"But sanctify the Lord God in your hearts: and be ready always to give an answer to every man that asketh you a reason of the hope that is in you with meekness and fear:" 1 Peter 3:15 (KJV)
A Little History on Racial Division in Pentecostalism in America
We have seen plenty of disunity within the churches of the United States. Take for example, the Church of God in Christ. According to The Azusa Street Mission Time Line, Morgan writes that the Church of God in Christ was formed in 1897 by a group of disfellowshiped Baptists, most notably Charles Price Jones (1865–1949) and the founder Charles Harrison Mason (1866–1961). Jones and Mason were licensed Baptist ministers in Mississippi in the 1890s that were disfellowshiped by the local Baptist association for preaching the doctrine of Christian perfection also known as “Holiness.” They became associated with a group of men who would become the early African American leaders of the Holiness Movement in the late 19th century.
Later, Mr. Charles Harrison Mason visited the Azusa Street Revival in 1907. Bishop Mason received the baptism of the Holy Spirit, which caused his theology to change drastically. That caused for him and Charles Price Jones to part ways. In the spirit of The Azusa Street Revival, Bishop Mason started a multicultural approach in ministry. I guess this is the reason why I am so impressed with the Azusa Street Revival as it brought people of different nationalities together as a true united family. The Baptism of the Holy Spirit burned away racism.
An interesting fact is that Bishop Mason was the first spiritual leader in the Pentecostal movement that was able to ordain ministers; including many white ministers. In spite of all the racial tension of the time, God was moving through the Azusa Street Revival led by Bishop William J. Seymour, also a black man and son of slaves. God was also blessing Bishop Mason’s work. These two black men were filled with love, they walked in great humility and they were greatly used by the Holy Spirit. I believe they both give us a lesson on how to get out of the way and let God have His Way.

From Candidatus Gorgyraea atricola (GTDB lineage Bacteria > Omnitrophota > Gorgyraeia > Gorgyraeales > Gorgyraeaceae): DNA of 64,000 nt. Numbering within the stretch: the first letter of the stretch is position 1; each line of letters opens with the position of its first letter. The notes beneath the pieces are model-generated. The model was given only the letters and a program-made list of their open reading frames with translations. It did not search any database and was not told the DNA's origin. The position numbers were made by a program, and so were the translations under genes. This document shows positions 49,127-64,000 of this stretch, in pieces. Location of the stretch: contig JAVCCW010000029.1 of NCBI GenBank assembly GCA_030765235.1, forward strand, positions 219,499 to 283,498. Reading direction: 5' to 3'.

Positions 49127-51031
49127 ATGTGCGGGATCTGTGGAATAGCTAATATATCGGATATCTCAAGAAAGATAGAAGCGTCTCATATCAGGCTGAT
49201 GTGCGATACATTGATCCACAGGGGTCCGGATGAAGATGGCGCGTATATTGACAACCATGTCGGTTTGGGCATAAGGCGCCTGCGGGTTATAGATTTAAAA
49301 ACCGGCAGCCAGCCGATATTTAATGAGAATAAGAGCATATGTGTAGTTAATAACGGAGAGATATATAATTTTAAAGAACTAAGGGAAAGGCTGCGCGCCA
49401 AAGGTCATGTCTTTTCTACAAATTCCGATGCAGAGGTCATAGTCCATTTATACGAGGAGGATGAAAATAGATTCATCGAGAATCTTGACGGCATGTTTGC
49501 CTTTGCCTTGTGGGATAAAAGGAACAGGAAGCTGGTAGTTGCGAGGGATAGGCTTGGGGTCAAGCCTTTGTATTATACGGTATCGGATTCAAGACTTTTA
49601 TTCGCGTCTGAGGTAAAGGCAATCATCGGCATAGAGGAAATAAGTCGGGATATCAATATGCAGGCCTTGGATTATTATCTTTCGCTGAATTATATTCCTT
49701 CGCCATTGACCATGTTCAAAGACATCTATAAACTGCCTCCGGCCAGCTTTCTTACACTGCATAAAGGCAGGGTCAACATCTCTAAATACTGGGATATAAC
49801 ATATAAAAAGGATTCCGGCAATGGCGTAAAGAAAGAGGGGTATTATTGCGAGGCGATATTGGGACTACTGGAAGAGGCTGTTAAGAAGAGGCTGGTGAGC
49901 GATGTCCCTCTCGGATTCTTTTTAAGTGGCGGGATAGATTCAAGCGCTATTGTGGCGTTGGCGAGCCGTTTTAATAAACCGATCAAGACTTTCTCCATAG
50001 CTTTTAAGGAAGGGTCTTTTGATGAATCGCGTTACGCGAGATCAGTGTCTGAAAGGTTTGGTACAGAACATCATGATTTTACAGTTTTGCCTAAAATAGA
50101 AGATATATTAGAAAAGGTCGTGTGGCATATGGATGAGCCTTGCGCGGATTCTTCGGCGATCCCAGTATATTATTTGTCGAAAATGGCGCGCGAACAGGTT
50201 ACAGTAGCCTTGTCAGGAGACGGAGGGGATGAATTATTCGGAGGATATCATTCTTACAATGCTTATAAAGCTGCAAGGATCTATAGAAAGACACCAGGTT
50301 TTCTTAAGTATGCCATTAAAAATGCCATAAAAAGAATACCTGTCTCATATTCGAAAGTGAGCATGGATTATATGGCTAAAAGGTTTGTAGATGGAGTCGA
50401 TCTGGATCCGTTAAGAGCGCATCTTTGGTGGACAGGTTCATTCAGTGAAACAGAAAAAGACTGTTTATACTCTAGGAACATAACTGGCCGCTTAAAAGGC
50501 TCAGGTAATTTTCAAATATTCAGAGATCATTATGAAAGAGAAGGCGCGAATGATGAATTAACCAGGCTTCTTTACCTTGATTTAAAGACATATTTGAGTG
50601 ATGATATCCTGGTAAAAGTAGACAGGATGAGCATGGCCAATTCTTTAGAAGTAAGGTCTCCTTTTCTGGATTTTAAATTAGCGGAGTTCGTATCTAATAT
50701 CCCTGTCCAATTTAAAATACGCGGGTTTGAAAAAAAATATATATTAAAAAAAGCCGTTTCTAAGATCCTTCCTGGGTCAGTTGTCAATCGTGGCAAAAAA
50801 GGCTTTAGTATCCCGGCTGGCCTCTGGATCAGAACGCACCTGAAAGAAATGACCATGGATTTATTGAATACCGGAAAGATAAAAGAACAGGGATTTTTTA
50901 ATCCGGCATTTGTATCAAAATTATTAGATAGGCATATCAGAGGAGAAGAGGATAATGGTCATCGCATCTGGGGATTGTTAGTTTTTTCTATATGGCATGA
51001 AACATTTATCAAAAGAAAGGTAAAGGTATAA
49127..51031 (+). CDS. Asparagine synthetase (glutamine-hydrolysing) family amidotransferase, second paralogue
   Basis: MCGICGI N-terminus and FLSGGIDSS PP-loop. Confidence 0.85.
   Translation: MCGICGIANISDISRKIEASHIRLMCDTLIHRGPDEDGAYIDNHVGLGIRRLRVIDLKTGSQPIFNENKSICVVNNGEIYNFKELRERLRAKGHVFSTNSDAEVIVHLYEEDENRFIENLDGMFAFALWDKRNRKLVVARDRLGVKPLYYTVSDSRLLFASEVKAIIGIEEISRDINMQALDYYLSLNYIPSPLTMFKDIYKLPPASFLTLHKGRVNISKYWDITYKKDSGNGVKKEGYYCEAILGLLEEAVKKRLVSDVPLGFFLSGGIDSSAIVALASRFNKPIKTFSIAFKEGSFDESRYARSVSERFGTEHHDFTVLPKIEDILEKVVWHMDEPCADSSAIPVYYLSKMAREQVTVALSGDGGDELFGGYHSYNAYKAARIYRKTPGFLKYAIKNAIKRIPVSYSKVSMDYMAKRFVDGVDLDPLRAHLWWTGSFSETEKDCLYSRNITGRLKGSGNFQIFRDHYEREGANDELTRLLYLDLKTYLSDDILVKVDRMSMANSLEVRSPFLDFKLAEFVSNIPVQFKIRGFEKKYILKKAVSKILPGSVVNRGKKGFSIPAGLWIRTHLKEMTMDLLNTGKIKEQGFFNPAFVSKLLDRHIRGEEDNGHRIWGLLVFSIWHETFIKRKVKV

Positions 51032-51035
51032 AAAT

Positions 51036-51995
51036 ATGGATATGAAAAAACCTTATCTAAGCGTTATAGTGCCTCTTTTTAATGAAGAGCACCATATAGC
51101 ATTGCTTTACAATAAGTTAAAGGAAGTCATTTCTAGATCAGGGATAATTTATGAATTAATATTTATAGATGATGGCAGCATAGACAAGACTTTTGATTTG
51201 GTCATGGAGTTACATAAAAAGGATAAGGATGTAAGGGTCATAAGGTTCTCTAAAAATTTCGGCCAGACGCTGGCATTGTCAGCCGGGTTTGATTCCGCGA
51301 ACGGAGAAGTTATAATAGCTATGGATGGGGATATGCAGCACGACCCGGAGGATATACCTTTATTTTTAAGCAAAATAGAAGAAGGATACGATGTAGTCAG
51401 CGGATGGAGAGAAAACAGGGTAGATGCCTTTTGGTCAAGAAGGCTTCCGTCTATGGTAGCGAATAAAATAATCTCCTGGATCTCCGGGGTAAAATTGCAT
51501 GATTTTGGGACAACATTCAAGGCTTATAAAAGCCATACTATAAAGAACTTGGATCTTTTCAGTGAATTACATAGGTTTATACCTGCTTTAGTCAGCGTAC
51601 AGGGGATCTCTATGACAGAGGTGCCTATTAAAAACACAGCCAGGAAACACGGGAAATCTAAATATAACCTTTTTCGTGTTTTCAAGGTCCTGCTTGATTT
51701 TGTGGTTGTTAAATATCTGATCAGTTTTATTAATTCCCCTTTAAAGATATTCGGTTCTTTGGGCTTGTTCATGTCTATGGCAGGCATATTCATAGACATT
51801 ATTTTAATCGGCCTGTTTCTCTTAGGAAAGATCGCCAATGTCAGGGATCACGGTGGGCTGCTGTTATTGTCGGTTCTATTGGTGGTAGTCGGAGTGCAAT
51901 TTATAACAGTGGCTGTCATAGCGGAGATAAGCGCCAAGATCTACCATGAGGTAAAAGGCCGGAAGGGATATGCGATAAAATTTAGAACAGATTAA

Nevertheless, the days for the Azusa Street Revival were numbered; the spirit of racism and the ambitions of men got in the way. A white minister by the name of William Durham, from the Chicago area went to the Azusa Revival in Los Angeles California on May 2, 1911 with a nasty and selfish agenda. He wanted to take over the Revival, a very common action. It is amazing to me that there are always those that feel they can do it better. Morgan (http://www.azusabooks.com/time.shtml) reports that Evangelist Durham stole about six hundred members out of the Azusa Revival; all of them white. This particular group later became the Oneness denomination; another of many Pentecostal denominations in America.
Bishop Mason with The Church of God in Christ, also faced great troubles as of 1914 when a group of white ministers, many whom were ordained by Bishop Mason himself, also abandoned him to form their own denomination. The Assemblies of God is another product of division and racism. The church of God in Christ today is the largest Pentecostal denomination in the United States. They are still going strong, but it is not multicultural any longer. We can say that Pentecostals are divided, in general, between Blacks and White Pentecostals. Evangelist Durham and many other white ministers were able to successfully steal people from these two very important black minsters in our history; William J. Seymour and Charles H. Mason, but they could never move in the power of the Holy Ghost as the Holy Spirit moved in Azusa.
We have indeed seen a few so-called multicultural churches in America, however the pattern continues to be the same; it is, for the most part, a white pastor over these congregations. Not even TD Jakes or Eddie Long can claim that they have multicultural churches. Personally, I don’t believe we can truly say that we have multiculturalism until our fellowship is such.
I strongly believe that we will see the church in America coming together the way Azusa did. It is my deep conviction that the best representation of how a real church should look like so far, took place in Azusa Street under the leadership of Bishop William J Seymour. It is my conviction that those days will return; they must, before the return of our Lord Jesus Christ; for we trust that God will pour out His Spirit according to Joel 2:28. It is also my deep conviction that the greatest evangelistic tool in America will take place when we become color-blind and we start loving one another as a true family of God in accordance with John 13:35 when it says:
“By this all men will know that you are my disciples, if you love one another.” NIV